By Conor Lynch
After a year of fear-mongering and scapegoating and making a fool of himself on Twitter, Donald Trump formally became the Republican Party’s standard-bearer at the previous week’s Republican National Convention — and in the process, the billionaire forced out numerous party elders, opened the doors to white supremacists and conspiracy theorists and demonstrated once and for all the Grand Old Party is no longer a party of traditional conservatism, but right-wing extremism.
Though many prominent Republicans have made their shock and dismay at the rise of Donald Trump known, his success should hardly come as a surprise to anyone with a rudimentary understanding of American history. This transformation of the GOP didn’t start with Trump — it can be traced all the way back to 1968, when then presidential candidate Richard Nixon brokered a deal with the prominent Dixiecrat Strom Thurmond to deliver him the Southern vote.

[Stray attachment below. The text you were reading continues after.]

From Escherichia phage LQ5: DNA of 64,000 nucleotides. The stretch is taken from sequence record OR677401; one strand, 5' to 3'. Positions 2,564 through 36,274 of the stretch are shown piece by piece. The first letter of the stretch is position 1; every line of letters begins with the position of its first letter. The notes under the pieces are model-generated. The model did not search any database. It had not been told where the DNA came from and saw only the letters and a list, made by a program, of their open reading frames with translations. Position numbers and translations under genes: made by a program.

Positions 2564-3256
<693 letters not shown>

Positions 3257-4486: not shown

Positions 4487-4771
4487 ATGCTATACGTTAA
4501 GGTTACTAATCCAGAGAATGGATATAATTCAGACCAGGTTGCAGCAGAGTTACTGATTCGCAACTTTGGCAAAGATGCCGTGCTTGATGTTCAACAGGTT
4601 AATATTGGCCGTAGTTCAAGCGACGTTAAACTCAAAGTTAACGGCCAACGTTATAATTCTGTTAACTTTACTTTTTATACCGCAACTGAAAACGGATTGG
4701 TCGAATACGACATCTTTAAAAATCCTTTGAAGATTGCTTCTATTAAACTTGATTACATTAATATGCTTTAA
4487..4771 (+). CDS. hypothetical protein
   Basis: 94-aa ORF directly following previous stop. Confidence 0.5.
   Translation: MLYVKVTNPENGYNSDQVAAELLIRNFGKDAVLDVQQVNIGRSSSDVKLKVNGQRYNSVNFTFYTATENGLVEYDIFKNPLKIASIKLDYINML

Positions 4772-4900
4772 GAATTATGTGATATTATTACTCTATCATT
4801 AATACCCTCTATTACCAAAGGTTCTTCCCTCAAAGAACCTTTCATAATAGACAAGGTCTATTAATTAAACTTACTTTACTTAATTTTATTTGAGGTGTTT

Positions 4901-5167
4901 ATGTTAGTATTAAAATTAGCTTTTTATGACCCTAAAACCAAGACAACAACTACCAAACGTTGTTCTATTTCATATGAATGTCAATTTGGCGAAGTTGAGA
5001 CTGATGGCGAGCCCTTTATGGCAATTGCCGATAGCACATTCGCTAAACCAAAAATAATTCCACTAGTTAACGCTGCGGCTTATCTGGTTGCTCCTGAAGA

In 1970s, the Republican establishment cynically concluded that the party’s best shot at achieving a super-majority for the foreseeable future was to exploit white resentment and the cultural backlash that had formed in response to the liberation movements of the 1960s. And for decades this strategy paid off. The Reagan revolution was the final death knell for New Deal liberalism, which had dominated American politics since the 1930s, and Republicans became increasingly exploitative of reactionary impulses thereafter.
Thus, Trump is a Frankensteinian monster, created by Republican elites who thought they could pander to their reactionary base indefinitely while serving Wall Street and corporate America in Washington. Trump is a demagogue, of course, and it’s hard to tell what he truly believes in and what he says to rile up resentful, paranoid and bigoted Americans. But it’s clear what his movement — let’s call it Trumpism — is and what it isn’t.